11. Wouldn’t Google’s current policy make it more difficult for the government and spooks to make up fake personas online? Just a thought.

  12. I also know some people with ludicrously unlikely real names. Such as an unfortunate Asian-American woman named “Bamboo Dong” – she was a friend of my roommate in college.

    Particularly offensive about the real names policy is that 1) some people use false names because of issues with stalkers, and 2) apparently it only goes for people who aren’t currently REALLY famous, because guess what names Lady Gaga and Fifty Cent are allowed on there with? Even though OTHER people with pen/stage names aren’t being allowed to use them or have two profiles.

    1. Here is an idea… if your being stalked, maybe you should stay off social networking sites.  The best way to avoid attention is to avoid attention….

      1. Here is an idea… if your being stalked, maybe you should stay off social networking sites.  The best way to avoid attention is to avoid attention….

        Ooooh. I missed this one. 

        So, [slightly longer but more explicit] geekandwife: “Bad stalking victim! Bad! Don’t you know that the internet is only for decent people who have never had to deal with being threatened by a creepy stalker who wants to control your life? If anyone’s ever stalked you, make sure you shut up forever and stay off the internet!”

        1. If your being stalked, its a bad thing, i am not saying they should stay off the internet… i am saying they should stay off services that by their very purpose is to allow strangers to be part of a social network.  Its the same as if you have a seafood allergenic its probably a bad idea to decide to eat at a red lobster, or if your an alcoholic you probably shouldnt work as a bartender.  

          1. Using a pseudonym is usually going to be perfectly safe. And it’s not really your business to tell them what’s good for them in any case, is it?

            And what part of people interacting with each other in an online social network is incompatible with that exactly? What’s in it for the rest of us to effectively ban such people from the space? How does it make the experience anything but poorer?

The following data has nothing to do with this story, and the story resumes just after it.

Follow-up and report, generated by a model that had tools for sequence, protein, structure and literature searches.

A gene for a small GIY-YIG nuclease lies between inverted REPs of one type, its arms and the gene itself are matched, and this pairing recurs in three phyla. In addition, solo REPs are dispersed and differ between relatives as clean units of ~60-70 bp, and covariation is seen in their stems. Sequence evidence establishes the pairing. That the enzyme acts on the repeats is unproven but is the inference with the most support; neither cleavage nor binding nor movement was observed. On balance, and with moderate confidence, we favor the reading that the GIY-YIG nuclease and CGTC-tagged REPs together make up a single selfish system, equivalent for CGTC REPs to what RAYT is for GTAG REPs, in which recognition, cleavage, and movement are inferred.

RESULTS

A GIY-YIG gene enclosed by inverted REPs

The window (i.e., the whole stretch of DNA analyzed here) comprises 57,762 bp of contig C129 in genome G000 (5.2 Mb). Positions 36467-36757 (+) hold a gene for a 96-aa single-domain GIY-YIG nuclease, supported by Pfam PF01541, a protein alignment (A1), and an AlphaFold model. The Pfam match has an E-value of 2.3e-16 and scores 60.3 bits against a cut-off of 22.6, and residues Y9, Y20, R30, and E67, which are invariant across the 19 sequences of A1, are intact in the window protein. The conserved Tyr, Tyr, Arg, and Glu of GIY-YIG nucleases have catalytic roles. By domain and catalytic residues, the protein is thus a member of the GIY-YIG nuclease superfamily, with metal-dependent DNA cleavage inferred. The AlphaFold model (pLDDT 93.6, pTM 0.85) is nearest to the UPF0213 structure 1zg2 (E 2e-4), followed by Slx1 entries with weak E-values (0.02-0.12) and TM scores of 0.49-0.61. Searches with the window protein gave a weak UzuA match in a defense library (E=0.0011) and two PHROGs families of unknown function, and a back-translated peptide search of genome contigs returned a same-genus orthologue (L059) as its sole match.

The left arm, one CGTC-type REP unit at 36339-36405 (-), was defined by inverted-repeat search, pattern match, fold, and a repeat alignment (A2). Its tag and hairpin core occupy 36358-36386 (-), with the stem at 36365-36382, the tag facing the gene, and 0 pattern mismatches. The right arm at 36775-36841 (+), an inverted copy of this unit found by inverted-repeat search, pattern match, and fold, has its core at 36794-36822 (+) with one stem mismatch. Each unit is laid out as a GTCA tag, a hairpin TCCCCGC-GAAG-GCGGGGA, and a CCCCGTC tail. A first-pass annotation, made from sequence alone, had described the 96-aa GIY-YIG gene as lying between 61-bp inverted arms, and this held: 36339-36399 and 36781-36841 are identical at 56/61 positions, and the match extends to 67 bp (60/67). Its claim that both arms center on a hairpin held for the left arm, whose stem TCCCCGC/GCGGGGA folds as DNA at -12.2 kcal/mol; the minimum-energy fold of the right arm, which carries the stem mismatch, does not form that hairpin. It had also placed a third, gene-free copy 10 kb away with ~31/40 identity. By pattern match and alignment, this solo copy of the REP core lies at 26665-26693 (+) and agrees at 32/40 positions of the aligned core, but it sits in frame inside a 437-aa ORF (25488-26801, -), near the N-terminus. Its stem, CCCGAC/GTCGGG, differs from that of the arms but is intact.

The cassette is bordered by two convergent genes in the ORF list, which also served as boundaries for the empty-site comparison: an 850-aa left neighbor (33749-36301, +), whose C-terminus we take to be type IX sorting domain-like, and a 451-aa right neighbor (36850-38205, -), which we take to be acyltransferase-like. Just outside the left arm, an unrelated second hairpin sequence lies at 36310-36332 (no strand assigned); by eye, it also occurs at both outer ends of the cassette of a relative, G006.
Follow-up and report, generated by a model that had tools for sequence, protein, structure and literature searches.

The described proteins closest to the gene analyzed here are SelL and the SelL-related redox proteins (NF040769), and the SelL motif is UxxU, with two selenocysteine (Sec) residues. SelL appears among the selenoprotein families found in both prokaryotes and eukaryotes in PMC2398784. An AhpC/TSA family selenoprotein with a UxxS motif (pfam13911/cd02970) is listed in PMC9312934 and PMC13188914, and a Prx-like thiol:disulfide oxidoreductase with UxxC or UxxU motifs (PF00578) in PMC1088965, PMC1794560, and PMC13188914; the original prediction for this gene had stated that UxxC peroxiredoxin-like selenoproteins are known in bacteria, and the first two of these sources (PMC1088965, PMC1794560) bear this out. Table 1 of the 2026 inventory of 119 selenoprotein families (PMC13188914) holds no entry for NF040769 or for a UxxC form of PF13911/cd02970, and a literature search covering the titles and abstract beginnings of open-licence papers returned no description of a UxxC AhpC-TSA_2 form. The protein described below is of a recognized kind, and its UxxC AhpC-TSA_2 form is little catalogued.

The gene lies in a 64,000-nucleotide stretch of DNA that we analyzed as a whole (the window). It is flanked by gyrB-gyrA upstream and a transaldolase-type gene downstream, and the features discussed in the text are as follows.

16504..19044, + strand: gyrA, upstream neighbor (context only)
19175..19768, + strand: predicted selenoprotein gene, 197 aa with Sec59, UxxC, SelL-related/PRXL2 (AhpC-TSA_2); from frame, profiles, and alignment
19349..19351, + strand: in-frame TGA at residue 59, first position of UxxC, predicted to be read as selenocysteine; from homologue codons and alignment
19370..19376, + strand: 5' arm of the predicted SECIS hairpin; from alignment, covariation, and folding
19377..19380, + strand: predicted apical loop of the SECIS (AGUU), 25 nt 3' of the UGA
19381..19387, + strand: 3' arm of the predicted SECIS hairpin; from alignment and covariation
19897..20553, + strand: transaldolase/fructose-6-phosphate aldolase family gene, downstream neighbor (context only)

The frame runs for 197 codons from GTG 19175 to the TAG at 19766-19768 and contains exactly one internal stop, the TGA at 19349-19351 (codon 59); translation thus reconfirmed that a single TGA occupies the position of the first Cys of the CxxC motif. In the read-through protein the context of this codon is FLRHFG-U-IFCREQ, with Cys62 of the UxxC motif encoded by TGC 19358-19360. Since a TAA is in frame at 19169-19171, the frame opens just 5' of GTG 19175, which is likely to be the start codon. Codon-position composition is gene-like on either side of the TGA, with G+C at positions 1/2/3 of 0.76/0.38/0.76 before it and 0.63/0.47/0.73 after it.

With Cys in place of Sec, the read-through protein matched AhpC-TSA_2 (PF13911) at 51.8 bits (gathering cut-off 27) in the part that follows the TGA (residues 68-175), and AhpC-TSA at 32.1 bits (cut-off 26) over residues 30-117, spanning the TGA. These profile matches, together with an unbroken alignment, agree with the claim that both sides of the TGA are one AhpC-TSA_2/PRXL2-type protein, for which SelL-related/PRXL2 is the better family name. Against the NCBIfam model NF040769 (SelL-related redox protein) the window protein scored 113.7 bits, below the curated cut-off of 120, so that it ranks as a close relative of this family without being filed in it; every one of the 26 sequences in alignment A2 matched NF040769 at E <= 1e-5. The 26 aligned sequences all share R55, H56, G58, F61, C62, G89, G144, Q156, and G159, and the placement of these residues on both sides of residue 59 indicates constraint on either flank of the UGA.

13. That’s fine in places where you don’t have to deal with these people in RL, but on social networks I expect to hang out in meatspace as well, or I’ve met them there some time in the past.

    This may come as a shock to you, but not everyone uses social networks the same way you do. I.e.: to interact exclusively with people you already know in meatspace.

    I’m reading you as expressing quite a vociferous desire to make G+ (and maybe other social networks) exclusively useful to people who use them exactly the same way you do. Doing your best to neuter and poison them for all of the other variations of use cases the rest of us out here might have for them. 

    And all, basically, to make it slightly more convenient for you to locate your meatspace friends whose online nicknames you don’t know.

    Yeesh. That’s fine if that’s what you want, but I think you could stand to be more explicit about your aims.

    1. “This may come as a shock to you, but not everyone uses social networks the same way you do. I.e.: to interact exclusively with people you already know in meatspace.”

      What your not understanding is Google is wanting to only really support that concept.  They are not wanting to be facebook, they want it, at least as their design has gone so far to be mainly be a way to communicate with those people that you do in meatspace.  

  14. And they have a place where you can put and be found though those pseudonyms.  They have provided you the ability to still be found though those other names, they just ask for your real name as well.   They allow you to use a pseudonyms, but they also are requiring you to have a real identity as well.

    The policy, the controversy and the bannings concern the “display name” at the top, not any optional nicknames further down. If we accept that a “display name” can in fact be what your [online] friends call you, then there is NOTHING in the policy which requires the use of (let alone public sharing) of anything like a “real” name.

  15. What your not understanding is Google is wanting to only really support that concept.  They are not wanting to be facebook, they want it, at least as their design has gone so far to be mainly be a way to communicate with those people that you do in meatspace.

    To the extent that’s true, this is what Corey called cargo-cult copying of Facebook. It’s stupid – the whole point is supposedly to be better than Facebook.

    But also, I don’t actually know that that is true. Is there a Google exec on record as saying G+ is only for your meatspace friends? I doubt it. It would be a stupid thing to say. (But we do have the stupid policy that implies it…)